Did not exercise due diligence to prevent these circumstance

The amount of the penalty was determined in accordance to WorkSafe BC policies, based on the employer's payroll and the nature of the violation.

You can review the WorkSafeBC documentation related to their Pinnacle review here

Some background to the incident and the fine can be found below:

Burns Lake mill fined $56,000 over pellet plant explosion that injured three
WorkSafeBC fines company$55,000 after 2014 explosion at Burns Lake
B. C. mill fined $56,000 over pellet plant explosion that injured three
Pinnacle Hit with Penalty for Blast
Pinnacle Explosion Fine (video)
Pinnacle Energy hit with WorkSafeBC Fine

Pinnacle Pellet operates and ships its pellets through the Port of Prince Rupert at its Westview Terminal facility.

For more items related to the Prince Rupert terminal operations see our archive page here.

Cross posted from the North Coast Review

Tuesday, December 22, 2015

Victoria Viewpoints: Tuesday, December 22, 2015

Our compilation of some of the stories of note from the day, reviewing the political developments from the Provincial scene.

B. C. politicians' public disclosure lists show some curious connections - but nothing for the premier
City of Victoria makes Canadian Taxpayers Federation 'naughty' list
No charges to be laid in Mount Polley dam breach
Christy Clark's 2016 must include accomplishments, not just promises

Ottawa Observations: Monday, December 22, 2015

Our compilation of some of the stories of note from the day, reviewing the political developments from the Federal scene for December 22, 2015.

Why Trudeau should keep CF-18's in the fight against ISIL
Defence minister backs off Liberals campaign promise to buy expensive' F-35 jets
Tory insiders weigh in on where to go from here
Canadians with marijuana convictions call on Trudeau to offer pardons
Justin Trudeau gets a much-needed break
Sophie Gregoire-Trudeau, wife of Justin Trudeau, is Canada's latest style icon

Province of British Columbia launches program for excellence in Aboriginal Sport

Achievements in Aboriginal Sport will be honoured in 2016, as the Province of British Columbia introduces a new program of excellence for the year ahead.

Aboriginal Youth athletes under 25 years of age are invited to apply for one of the 12 Premier's Awards that will be presented annually, with the First Ceremony to take place as part of the 2016 Gathering Our Voices Aboriginal Youth Conference in Victoria  on March 21, 2016.

Successful applicants will be assessed on five main areas Sporting Achievements, Leadership Qualities, Education, Cultural Awareness and Future Goals.

In addition to the above criteria for applicants, nomination requirements include:

Nominee must have been a permanent resident of British Columbia for the last 12 months

Is of Aboriginal ancestry (First Nations, Metis and Inuit)

Is currently registered  with a B. C. Provincial Sport organization and/or involved in a Partner's Council Program (including recognized regional/traditional sports)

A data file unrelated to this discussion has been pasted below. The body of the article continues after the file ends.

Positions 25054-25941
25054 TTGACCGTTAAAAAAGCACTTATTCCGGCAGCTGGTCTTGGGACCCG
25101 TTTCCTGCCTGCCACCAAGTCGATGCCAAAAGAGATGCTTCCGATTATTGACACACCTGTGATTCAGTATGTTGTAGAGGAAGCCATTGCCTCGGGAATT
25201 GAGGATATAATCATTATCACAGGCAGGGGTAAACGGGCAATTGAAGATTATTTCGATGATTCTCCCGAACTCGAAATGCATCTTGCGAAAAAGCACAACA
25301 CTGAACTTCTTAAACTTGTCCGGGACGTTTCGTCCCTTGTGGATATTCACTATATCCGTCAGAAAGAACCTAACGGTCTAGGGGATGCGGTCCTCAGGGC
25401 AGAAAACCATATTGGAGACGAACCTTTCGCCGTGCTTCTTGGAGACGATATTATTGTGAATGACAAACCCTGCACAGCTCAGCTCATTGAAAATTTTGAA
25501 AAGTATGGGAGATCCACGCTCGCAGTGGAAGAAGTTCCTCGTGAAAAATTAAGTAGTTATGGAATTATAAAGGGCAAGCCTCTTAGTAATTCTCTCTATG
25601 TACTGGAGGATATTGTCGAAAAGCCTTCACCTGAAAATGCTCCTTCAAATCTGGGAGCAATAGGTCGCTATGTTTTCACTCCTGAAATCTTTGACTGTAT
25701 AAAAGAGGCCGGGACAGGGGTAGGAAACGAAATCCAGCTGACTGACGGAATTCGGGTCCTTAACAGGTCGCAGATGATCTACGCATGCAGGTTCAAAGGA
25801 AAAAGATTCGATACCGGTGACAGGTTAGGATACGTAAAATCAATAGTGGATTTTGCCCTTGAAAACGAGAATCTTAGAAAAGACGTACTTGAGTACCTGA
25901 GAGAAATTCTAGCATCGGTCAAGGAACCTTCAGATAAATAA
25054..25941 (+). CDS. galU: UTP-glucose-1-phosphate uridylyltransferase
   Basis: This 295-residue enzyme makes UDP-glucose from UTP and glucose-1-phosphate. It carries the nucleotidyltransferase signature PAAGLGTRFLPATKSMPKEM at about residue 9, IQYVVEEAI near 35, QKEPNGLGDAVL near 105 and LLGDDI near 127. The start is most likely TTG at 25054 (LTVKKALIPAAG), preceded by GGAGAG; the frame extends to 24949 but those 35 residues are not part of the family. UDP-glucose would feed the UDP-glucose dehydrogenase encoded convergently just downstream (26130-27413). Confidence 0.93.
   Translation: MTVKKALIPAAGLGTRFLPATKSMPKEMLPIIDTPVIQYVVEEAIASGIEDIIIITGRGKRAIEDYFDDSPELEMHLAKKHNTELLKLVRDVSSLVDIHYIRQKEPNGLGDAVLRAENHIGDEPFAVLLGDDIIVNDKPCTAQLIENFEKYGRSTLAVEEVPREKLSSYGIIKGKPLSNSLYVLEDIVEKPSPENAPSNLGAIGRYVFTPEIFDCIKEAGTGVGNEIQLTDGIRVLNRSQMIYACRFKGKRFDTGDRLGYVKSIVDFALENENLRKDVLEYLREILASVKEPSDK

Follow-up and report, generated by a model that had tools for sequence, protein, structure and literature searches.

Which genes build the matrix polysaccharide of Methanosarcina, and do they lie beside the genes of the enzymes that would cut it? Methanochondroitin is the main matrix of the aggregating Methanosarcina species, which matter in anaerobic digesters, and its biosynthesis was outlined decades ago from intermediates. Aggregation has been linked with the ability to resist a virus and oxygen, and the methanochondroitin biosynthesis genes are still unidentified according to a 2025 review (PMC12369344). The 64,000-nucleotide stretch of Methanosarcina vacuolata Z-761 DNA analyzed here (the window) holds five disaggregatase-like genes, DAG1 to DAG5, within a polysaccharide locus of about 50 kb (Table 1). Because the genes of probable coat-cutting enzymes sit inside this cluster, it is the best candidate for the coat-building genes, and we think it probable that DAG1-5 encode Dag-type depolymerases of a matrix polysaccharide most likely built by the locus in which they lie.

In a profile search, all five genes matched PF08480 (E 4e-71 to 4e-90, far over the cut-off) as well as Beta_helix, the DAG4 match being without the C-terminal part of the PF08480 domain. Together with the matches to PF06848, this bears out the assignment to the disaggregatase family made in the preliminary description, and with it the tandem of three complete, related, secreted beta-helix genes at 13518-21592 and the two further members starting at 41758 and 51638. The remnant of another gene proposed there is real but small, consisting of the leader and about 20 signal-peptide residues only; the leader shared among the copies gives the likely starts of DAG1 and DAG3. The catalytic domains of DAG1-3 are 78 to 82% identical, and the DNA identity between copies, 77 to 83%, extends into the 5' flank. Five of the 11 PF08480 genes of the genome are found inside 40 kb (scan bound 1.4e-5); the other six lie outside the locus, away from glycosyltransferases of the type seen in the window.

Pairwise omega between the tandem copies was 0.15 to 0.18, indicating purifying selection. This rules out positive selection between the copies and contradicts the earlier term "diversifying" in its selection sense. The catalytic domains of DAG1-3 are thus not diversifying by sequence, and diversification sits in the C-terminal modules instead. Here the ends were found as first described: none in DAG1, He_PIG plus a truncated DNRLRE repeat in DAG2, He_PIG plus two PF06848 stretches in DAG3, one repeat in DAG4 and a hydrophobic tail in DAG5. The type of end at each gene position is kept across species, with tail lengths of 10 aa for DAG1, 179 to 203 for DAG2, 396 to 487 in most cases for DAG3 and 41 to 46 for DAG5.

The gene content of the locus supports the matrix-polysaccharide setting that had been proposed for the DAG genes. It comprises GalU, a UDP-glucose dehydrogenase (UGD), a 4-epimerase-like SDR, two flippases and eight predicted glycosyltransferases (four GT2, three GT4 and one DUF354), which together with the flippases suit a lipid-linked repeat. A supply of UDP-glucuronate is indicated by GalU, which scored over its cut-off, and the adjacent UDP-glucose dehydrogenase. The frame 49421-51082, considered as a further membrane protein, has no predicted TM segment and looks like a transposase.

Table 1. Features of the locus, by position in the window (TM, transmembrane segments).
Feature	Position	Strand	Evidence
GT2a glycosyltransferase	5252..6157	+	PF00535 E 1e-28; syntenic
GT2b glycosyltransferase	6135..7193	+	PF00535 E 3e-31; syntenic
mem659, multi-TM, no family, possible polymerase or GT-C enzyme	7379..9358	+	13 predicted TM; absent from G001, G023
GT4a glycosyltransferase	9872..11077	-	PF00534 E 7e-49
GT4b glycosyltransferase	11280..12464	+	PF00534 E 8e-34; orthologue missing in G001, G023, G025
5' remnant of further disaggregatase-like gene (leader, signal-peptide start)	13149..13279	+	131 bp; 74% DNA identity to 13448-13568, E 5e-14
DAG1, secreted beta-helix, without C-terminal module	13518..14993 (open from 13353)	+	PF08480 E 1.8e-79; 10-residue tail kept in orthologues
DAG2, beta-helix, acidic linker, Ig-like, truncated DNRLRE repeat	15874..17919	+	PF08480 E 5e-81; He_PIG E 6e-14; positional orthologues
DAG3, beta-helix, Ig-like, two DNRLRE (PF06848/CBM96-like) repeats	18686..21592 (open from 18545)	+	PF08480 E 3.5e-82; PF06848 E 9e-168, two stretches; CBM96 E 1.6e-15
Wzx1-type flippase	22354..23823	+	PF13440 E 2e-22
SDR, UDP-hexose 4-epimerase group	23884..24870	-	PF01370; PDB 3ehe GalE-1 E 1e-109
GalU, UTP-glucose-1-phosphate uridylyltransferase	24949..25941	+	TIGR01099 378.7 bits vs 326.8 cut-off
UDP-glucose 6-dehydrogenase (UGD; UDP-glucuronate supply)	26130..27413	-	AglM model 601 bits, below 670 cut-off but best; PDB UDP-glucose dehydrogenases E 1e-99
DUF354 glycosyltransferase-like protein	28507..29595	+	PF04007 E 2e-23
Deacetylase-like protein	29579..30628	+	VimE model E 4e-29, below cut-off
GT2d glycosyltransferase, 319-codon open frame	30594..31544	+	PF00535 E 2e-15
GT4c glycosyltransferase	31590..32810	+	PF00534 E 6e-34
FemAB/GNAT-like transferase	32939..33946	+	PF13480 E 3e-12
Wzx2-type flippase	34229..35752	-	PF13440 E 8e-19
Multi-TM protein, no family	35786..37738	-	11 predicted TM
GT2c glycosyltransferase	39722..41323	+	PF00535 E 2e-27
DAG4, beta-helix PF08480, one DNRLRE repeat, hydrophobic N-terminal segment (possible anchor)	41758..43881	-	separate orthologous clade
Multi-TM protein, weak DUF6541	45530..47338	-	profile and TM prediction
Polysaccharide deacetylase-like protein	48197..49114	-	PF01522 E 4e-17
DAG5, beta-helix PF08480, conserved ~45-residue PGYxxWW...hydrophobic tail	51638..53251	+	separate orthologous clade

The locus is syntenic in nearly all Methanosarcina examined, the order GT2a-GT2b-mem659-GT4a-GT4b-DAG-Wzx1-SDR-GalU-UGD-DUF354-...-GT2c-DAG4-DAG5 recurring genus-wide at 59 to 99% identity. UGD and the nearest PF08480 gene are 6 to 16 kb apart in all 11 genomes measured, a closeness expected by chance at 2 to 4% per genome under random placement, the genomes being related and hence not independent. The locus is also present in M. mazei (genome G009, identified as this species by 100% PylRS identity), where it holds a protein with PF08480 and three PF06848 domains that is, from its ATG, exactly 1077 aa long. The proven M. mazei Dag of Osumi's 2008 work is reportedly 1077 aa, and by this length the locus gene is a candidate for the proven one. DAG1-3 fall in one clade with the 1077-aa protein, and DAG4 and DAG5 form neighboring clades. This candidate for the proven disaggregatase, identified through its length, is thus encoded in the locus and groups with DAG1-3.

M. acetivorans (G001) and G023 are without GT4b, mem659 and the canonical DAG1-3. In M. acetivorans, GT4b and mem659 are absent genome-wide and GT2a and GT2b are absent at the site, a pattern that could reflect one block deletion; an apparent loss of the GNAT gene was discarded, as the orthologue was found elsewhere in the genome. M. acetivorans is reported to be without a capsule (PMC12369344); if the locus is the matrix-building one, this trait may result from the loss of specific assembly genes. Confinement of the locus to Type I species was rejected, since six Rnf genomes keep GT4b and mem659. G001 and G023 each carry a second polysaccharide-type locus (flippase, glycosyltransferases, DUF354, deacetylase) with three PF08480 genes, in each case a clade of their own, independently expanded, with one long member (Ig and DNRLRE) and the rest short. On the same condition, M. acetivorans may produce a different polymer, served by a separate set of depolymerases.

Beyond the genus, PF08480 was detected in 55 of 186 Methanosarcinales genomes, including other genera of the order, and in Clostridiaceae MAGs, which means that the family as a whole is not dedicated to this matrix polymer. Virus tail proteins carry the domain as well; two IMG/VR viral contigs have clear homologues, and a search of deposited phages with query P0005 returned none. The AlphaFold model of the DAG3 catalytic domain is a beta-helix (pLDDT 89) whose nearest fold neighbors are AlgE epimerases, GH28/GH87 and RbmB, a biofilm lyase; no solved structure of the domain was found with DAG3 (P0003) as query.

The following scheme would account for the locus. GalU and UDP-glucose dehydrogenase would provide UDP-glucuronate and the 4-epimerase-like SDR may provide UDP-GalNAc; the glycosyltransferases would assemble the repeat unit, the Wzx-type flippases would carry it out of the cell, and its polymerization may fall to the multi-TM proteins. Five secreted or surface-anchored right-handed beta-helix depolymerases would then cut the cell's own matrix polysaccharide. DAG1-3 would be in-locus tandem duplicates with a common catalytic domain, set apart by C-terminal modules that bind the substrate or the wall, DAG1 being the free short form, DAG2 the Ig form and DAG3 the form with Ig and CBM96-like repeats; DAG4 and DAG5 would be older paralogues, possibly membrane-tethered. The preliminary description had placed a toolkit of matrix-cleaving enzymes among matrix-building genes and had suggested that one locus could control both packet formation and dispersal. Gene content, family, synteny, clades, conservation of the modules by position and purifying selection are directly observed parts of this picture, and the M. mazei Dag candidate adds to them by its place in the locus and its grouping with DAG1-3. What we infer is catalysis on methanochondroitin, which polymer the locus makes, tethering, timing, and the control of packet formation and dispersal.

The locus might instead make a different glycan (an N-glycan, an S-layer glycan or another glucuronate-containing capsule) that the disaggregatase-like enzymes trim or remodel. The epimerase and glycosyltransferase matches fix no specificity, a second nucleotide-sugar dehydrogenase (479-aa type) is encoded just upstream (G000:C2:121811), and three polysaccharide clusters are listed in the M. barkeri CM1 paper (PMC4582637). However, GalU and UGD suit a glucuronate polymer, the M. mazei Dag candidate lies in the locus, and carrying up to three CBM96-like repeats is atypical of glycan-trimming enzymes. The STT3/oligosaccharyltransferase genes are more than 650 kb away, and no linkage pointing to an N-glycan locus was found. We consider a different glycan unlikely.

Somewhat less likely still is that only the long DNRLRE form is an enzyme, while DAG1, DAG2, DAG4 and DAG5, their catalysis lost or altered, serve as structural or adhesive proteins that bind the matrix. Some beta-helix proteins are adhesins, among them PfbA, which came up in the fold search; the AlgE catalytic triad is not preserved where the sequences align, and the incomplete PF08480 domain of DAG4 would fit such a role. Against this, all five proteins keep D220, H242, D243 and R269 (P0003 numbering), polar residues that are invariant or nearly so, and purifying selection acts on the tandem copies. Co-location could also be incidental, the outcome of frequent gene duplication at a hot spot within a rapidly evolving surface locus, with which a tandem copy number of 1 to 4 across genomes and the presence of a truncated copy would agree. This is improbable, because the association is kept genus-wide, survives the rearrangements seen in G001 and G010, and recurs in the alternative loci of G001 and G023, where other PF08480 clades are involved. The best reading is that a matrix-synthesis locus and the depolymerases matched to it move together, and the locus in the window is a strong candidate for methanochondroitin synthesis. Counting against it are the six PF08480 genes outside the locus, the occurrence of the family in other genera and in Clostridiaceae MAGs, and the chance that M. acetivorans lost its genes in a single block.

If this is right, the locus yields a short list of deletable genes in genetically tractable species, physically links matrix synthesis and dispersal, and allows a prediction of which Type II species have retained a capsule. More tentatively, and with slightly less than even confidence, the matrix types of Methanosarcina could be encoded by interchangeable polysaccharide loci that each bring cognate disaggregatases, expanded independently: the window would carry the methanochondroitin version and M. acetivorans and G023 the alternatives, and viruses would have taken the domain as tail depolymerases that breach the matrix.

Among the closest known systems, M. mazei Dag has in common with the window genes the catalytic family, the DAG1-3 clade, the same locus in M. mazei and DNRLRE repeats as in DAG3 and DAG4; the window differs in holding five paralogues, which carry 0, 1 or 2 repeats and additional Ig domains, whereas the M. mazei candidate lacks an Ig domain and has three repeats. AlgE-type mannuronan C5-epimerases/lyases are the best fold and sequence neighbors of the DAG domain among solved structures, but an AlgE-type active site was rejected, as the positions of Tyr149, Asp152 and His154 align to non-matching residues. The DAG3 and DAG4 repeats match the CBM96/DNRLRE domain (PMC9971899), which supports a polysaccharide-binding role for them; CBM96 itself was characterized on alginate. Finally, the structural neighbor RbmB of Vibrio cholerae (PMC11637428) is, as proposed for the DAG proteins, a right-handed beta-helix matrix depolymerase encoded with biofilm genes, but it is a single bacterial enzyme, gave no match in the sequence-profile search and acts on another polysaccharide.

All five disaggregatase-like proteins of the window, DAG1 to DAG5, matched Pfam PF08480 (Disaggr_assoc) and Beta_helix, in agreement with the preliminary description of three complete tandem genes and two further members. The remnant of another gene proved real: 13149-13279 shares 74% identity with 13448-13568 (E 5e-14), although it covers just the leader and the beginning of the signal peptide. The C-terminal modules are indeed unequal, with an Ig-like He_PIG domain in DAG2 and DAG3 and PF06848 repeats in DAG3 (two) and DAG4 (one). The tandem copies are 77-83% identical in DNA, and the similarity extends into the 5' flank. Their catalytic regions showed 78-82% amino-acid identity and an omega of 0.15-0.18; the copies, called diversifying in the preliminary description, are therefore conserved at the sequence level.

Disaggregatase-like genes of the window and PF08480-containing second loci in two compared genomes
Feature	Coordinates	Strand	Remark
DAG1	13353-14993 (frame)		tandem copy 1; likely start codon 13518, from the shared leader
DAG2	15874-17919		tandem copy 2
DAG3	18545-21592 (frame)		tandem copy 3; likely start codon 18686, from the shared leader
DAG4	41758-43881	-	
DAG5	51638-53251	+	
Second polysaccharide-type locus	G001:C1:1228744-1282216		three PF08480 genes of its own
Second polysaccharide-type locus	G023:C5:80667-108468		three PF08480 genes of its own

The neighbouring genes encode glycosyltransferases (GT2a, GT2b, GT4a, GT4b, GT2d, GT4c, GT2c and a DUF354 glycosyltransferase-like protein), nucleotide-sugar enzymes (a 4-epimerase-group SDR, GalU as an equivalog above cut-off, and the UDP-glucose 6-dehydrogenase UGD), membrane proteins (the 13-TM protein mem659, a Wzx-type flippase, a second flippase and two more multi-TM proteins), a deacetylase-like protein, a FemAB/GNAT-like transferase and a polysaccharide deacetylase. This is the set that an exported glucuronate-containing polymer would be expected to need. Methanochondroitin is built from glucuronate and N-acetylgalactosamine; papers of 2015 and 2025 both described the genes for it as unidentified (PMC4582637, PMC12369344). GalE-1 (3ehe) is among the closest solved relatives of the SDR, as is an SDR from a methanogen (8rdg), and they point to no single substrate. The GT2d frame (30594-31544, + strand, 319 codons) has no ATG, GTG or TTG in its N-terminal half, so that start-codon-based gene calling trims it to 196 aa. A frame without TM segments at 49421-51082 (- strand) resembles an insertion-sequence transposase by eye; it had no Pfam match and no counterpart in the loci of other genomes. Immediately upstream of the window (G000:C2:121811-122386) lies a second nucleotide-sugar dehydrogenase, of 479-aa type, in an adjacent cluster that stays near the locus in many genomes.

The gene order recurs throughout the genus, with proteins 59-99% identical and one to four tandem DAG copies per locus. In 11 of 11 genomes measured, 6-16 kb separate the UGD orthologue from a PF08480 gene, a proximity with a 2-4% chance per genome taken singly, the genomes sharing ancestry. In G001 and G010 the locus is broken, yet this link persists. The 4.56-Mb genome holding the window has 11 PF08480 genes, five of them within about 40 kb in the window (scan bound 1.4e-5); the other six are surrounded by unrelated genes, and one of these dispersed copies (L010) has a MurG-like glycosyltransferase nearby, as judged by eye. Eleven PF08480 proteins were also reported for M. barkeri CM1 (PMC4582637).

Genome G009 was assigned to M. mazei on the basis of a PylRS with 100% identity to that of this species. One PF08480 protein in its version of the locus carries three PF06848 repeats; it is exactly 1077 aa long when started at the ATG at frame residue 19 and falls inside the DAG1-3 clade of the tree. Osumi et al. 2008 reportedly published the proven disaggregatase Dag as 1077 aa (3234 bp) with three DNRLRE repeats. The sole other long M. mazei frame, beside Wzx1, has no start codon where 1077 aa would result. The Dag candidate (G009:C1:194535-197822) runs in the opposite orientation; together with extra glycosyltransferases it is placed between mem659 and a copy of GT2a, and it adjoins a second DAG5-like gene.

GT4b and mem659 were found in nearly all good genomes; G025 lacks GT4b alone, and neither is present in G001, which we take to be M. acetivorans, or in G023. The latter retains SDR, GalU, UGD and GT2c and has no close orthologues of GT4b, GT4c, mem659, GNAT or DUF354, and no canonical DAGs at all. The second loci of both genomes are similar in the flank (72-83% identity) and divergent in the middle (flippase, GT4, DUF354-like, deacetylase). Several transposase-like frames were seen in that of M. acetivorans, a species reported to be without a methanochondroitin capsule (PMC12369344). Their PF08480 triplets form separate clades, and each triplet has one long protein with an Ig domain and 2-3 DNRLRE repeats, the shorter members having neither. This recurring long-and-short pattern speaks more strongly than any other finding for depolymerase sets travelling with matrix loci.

Under the age 25 (Born in 1991 or later)

Is actively participating in one or more sports (recognized provincial sports, as well as regional/traditional  sports) and show evidence of high athletic performance results

Demonstrates leadership both on and off the field of play

Is committed and dedicated to learning and academics and is actively pursuing or planning to pursue a post-secondary education.

One item of note to keep in mind for would be applicants, Recipients of the Premier's Awards for Aboriginal Youth Excellence in Sport are not eligible to apply for or receive the award in subsequent years.

All of the nominees will notified by February 21st of the selection committee's decisions, those selected will receive funding for the recipient and one guest to attend the Premier's award ceremony.

The selected recipients will also have their sots covered to attend the Aboriginal Youth Sport Leadership Forum.

You can learn more about the program here, while the nomination form can be found here.

Cross posted from the North Coast Review

Vancouver land issues offer opportunities for Prince Rupert to take advantage of

The announcement of last week from the Prince Rupert Port Authority and DP World of plans to study the potential for an expansion to the south for the Fairview Container port, has offered up the prospect of even more development for the North Coast.

The background to the proposed study which we outlined on the blog here, will be a welcome concept for many hoping to see the local economy rebound, more high paying jobs and the  population begin to grow once again.

And while the planning is clearly still in its early stages, there's some optimism to be found that the two major partners on the North Coast will find some cause to move forward with the ambitious plan for the area south of Fairview.

Particularly if you begin to review some of the current of conversation taking place in Vancouver these days when it comes to where transportation and shipment facilities found around that region of the province.